Chapter 7


The day after the funeral, H.M. ship Aurora sailed for Malta, and on her arrival the acting captain sent our two midshipmen on board the Harpy without any remark, except “victualled the day discharged,” as they had been borne on the ship’s books as supernumeraries.

Mr. James, who was acting in the Aurora, was anxious to join the admiral at Toulon, and intended to sail the next day. He met Captain Wilson at the governor’s table, and stated that Jack and Gascoigne had been put in irons by order of Captain Tartar; his suspicions, and the report that the duel had in consequence taken place; but Gascoigne and Jack had both agreed that they would not communicate the events of their cruise to anybody on board of the Aurora, and therefore nothing else was known, except that they must have made powerful friends somehow or another; and there appeared in the conduct of Captain Tartar, as well as in the whole transaction, somewhat of a mystery.

“I should like to know what happened to my friend Jack, who fought the duel,” said the governor, who had laughed at it till he held his sides; “Wilson, do bring him here to-morrow morning, and let us have his story.”

“I am afraid of encouraging him, Sir Thomas—he is much too wild already. I told you of his first cruise. He has nothing but adventures, and they all end too favourably.”

“Well, but you can send for him here and blow him up just as well as in your own cabin, and then we will have the truth out of him.”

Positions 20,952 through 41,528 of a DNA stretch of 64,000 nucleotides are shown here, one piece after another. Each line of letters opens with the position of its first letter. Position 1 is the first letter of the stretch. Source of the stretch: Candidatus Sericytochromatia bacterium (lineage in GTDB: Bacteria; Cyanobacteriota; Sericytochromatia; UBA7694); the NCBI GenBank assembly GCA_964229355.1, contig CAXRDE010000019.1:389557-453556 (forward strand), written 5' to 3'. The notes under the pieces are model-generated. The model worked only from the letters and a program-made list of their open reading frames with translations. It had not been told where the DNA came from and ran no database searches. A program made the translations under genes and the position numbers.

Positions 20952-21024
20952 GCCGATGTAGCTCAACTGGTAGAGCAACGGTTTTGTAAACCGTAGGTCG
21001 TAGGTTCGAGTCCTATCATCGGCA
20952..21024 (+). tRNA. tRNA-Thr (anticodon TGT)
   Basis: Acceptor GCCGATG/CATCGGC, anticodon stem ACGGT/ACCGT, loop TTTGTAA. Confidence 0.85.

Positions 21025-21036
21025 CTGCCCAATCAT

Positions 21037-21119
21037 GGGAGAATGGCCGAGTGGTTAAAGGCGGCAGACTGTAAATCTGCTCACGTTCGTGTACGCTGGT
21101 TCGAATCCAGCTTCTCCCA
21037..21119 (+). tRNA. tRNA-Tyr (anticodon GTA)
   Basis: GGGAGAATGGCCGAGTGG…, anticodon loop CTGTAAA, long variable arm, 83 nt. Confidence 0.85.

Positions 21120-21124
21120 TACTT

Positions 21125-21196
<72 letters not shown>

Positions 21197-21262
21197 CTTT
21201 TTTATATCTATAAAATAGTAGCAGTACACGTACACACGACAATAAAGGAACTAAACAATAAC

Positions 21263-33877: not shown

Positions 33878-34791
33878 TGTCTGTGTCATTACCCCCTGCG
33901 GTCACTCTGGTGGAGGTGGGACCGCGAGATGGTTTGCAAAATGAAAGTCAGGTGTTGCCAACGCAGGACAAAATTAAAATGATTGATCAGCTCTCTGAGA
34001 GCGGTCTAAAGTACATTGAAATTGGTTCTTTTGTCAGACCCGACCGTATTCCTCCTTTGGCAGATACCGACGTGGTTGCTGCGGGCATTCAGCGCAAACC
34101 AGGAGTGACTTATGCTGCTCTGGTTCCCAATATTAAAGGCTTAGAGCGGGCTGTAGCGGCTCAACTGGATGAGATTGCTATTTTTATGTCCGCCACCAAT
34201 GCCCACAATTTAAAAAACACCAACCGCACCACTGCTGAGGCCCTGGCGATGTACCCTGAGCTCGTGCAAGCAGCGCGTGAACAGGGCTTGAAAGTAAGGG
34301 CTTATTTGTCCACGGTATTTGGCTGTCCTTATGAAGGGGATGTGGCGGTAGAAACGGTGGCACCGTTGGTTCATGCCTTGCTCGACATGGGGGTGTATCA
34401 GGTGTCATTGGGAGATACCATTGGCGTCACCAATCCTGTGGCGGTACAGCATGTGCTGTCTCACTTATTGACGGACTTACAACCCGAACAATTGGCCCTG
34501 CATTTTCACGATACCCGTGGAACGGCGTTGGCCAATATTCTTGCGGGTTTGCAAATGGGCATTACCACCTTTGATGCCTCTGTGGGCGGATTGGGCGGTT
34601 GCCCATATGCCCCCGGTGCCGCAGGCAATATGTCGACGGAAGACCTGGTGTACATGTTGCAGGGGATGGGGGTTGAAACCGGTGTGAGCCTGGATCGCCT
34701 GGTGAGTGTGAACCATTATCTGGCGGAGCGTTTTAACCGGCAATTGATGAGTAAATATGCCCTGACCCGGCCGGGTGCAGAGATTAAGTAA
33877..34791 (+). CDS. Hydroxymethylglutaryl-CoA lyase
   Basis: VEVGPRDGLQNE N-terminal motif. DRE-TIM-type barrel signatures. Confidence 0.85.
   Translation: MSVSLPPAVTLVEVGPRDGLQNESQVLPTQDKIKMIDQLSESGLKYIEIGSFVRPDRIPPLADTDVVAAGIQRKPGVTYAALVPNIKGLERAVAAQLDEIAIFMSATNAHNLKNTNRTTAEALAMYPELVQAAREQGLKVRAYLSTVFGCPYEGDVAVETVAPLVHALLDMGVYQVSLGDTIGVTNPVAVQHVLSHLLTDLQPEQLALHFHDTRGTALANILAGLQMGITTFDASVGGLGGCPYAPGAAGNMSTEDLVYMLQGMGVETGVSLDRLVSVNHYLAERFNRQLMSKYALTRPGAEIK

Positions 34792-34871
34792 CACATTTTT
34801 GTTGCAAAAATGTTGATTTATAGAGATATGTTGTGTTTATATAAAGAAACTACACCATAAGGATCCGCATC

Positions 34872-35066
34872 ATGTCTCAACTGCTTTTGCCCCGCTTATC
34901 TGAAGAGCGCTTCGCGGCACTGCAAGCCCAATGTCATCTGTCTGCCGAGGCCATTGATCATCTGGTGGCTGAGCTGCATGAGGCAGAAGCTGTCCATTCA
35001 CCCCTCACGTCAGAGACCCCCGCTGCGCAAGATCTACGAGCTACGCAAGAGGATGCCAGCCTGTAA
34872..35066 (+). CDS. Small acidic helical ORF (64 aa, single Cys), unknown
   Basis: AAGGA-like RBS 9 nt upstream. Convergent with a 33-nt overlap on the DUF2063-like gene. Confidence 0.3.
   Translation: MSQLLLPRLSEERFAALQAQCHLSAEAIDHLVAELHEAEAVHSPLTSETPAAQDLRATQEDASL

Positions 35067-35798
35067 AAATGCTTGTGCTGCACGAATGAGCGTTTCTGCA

“That you certainly will,” replied Captain Wilson, “for he tells it plainly enough.”

“Well, to oblige me, send for him—I don’t see he was much to blame in absconding, as it appears he thought he would be hung—I want to see the lad.”

“Well, governor, if you wish it,” replied Captain Wilson, who wrote a note to Mr. Sawbridge, requesting he would send Mr. Easy to him at the governor’s house at ten o’clock in the morning.

Jack made his appearance in his uniform—he did not much care for what was said to him, as he was resolved to leave the service. He had been put in irons, and the iron had entered into his soul.

Mr. Sawbridge had gone on shore about an hour before Jack had been sent on board, and he had remained on shore all the night. He did not therefore see Jack but for a few minutes, and thinking it his duty to say nothing to him at first, or to express his displeasure, he merely observed to him that the captain would speak to him as soon as he came on board. As Gascoigne and our hero did not know how far it might be safe, even at Malta, to acknowledge to what occurred on board the speronare, which might get wind, they did not even tell their messmates, resolving only to confide it to the captain.

When Jack was ushered into the presence of the captain, he found him sitting with the governor, and the breakfast on the table ready for them. Jack walked in with courage, but respectfully. He was fond of Captain Wilson, and wished to show him respect. Captain Wilson addressed him, pointed out that he had committed a great error in fighting a duel, a greater error in demeaning himself by fighting the purser’s steward, and still greater in running away from his ship. Jack looked respectfully to Captain Wilson, acknowledged that he had done wrong, and promised to be more careful another time, if Captain Wilson would look over it.

“Captain Wilson, allow me to plead for the young gentleman,” said the governor; “I am convinced that it has only been an error in judgment.”

  By PanEris using Melati.

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